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New academy named after chief justice

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Students in Vanderburgh County soon will be able to attend an academy named after the state's chief justice; the academy will focus on the law and social justice.

The Evansville Vanderburgh School Corporation and the EVSC Foundation announced the creation of the Randall T. Shepard Academy for Law and Social Justice, which will open in fall 2010 to juniors. The two-year program will integrate social studies and English curriculums for juniors and seniors; topics were prepared by the Harrison High School social studies and English departments. The chief justice, a graduate of Harrison, will provide assistance in the planning and implementation of the program.

Juniors will engage in the Socratic method; seniors will concentrate on government, the creation of law, and the process of justice. They'll also be able to participate in various educational and growth opportunities such as the law ambassador program in Washington, D.C.

Students will attend the academy for half of the day and their home school the other half of the day. The courses offered at the academy will meet the graduation requirements for English and social studies and students will earn college credit initially at University of Southern Indiana.

"This academy has the capacity to train a new generation of Americans that will ... be better public citizens, regardless of whether they turn out to be a lawyer, or police officer, or go into another profession," Chief Justice Shepard said today at a news conference.

Depending on the interest, the program may be opened to students outside of Vanderburgh County. Marsha Jackson, EVSC chief communication officer, said the school corporation is still nailing down where the academy will be located.

Chief Justice Shepard is an Evansville native who served as a judge on Vanderburgh Superior Court from 1980 until he was appointed to the Supreme Court in 1985.

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  1. I gave tempparry guardship to a friend of my granddaughter in 2012. I went to prison. I had custody. My daughter went to prison to. We are out. My daughter gave me custody but can get her back. She was not order to give me custody . but now we want granddaughter back from friend. She's 14 now. What rights do we have

  2. This sure is not what most who value good governance consider the Rule of Law to entail: "In a letter dated March 2, which Brizzi forwarded to IBJ, the commission dismissed the grievance “on grounds that there is not reasonable cause to believe that you are guilty of misconduct.”" Yet two month later reasonable cause does exist? (Or is the commission forging ahead, the need for reasonable belief be damned? -- A seeming violation of the Rules of Profession Ethics on the part of the commission) Could the rule of law theory cause one to believe that an explanation is in order? Could it be that Hoosier attorneys live under Imperial Law (which is also a t-word that rhymes with infamy) in which the Platonic guardians can do no wrong and never owe the plebeian class any explanation for their powerful actions. (Might makes it right?) Could this be a case of politics directing the commission, as celebrated IU Mauer Professor (the late) Patrick Baude warned was happening 20 years ago in his controversial (whisteblowing) ethics lecture on a quite similar topic: http://www.repository.law.indiana.edu/cgi/viewcontent.cgi?article=1498&context=ilj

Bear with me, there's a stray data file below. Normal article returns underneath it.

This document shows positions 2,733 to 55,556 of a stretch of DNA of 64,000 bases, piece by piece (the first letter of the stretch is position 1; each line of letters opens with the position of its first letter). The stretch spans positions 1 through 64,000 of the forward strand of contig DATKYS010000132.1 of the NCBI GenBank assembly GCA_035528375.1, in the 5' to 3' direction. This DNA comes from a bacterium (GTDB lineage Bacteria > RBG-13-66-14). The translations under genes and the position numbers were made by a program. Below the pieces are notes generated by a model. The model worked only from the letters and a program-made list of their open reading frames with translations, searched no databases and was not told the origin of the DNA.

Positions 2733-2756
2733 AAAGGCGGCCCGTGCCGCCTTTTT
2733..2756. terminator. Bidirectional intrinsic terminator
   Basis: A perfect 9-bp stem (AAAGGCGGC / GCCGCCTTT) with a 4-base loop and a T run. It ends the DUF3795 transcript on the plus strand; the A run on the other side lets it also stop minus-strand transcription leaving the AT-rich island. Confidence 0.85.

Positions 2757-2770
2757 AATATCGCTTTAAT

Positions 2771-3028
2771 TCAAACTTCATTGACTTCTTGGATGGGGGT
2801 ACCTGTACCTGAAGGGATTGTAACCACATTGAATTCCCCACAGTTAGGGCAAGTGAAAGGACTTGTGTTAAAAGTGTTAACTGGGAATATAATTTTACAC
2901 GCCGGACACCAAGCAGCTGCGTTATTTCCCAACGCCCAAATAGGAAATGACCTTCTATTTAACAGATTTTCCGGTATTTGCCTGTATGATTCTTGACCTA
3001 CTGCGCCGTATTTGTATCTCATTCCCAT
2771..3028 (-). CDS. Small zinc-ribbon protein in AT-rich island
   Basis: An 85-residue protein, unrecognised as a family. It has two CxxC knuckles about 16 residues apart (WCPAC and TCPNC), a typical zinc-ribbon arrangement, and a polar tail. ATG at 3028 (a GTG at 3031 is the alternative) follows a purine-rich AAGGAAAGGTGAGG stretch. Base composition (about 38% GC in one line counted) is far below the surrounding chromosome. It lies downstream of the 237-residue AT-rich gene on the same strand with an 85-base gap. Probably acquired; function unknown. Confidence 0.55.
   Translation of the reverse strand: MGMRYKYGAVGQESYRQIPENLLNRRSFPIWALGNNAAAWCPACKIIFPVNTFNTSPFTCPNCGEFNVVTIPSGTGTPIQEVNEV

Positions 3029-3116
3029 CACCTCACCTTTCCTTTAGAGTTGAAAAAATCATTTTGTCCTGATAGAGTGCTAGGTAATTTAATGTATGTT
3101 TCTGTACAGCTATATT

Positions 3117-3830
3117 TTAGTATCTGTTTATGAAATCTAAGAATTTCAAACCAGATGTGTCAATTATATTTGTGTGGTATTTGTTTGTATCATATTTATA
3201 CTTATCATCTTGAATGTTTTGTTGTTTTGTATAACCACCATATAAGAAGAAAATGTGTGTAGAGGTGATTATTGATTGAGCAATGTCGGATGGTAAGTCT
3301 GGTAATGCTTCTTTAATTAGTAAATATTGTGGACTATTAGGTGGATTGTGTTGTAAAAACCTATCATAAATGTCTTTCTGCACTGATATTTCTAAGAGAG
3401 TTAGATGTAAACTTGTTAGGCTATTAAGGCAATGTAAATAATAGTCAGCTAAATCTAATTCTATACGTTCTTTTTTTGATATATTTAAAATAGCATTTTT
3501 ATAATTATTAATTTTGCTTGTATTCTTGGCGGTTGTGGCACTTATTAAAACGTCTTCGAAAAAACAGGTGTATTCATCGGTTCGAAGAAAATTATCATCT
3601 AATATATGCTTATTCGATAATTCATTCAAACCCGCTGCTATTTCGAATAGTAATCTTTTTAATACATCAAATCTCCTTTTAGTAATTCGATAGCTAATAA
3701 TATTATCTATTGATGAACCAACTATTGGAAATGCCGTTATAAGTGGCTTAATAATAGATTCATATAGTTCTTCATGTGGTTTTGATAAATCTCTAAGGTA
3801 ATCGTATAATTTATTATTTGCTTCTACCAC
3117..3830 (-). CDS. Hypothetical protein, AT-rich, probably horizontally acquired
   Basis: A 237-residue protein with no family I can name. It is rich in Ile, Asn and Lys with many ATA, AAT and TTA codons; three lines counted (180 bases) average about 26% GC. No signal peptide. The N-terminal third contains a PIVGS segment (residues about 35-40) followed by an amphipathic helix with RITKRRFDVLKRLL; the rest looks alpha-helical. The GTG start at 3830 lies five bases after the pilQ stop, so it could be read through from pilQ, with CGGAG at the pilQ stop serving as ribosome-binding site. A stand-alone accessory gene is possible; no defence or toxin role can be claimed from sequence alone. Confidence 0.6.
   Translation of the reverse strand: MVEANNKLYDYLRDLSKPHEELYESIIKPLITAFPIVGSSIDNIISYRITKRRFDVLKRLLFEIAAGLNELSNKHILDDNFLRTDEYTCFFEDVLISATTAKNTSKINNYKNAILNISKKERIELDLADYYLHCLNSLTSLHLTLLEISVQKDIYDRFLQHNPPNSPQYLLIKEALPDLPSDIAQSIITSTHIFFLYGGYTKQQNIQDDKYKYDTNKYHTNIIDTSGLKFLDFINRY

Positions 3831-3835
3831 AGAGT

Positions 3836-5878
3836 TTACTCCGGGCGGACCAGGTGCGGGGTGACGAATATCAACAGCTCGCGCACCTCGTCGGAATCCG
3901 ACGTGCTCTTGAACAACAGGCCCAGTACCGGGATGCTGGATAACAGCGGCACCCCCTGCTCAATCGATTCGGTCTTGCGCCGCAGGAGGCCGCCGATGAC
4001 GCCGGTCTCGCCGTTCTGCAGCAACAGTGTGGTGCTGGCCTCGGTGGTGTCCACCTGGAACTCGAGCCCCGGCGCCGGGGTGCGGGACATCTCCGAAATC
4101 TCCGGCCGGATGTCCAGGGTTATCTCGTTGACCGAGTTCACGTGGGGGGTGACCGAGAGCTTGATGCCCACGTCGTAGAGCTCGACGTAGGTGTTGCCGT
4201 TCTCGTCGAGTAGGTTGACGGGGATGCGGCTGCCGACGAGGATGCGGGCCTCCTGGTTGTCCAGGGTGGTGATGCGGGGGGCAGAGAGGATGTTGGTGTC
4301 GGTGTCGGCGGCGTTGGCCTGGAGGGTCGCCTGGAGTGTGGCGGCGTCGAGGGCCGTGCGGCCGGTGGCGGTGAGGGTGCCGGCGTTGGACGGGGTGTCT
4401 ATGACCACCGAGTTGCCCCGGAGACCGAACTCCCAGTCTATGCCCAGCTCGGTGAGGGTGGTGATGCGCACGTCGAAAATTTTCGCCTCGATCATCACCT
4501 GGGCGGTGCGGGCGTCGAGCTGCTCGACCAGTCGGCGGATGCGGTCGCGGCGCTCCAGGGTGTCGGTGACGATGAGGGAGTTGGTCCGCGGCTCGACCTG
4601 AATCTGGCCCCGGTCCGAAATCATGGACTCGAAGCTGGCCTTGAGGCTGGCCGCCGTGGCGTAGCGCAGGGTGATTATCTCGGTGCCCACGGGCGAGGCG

3. I have a case presently pending cert review before the SCOTUS that reveals just how Indiana regulates the bar. I have been denied licensure for life for holding the wrong views and questioning the grand inquisitors as to their duties as to state and federal constitutional due process. True story: https://www.scribd.com/doc/299040839/2016Petitionforcert-to-SCOTUS Shorter, Amici brief serving to frame issue as misuse of govt licensure: https://www.scribd.com/doc/312841269/Thomas-More-Society-Amicus-Brown-v-Ind-Bd-of-Law-Examiners

  4. Here's an idea...how about we MORE heavily regulate the law schools to reduce the surplus of graduates, driving starting salaries up for those new grads, so that we can all pay our insane amount of student loans off in a reasonable amount of time and then be able to afford to do pro bono & low-fee work? I've got friends in other industries, radiology for example, and their schools accept a very limited number of students so there will never be a glut of new grads and everyone's pay stays high. For example, my radiologist friend's school accepted just six new students per year.

  5. I totally agree with John Smith.

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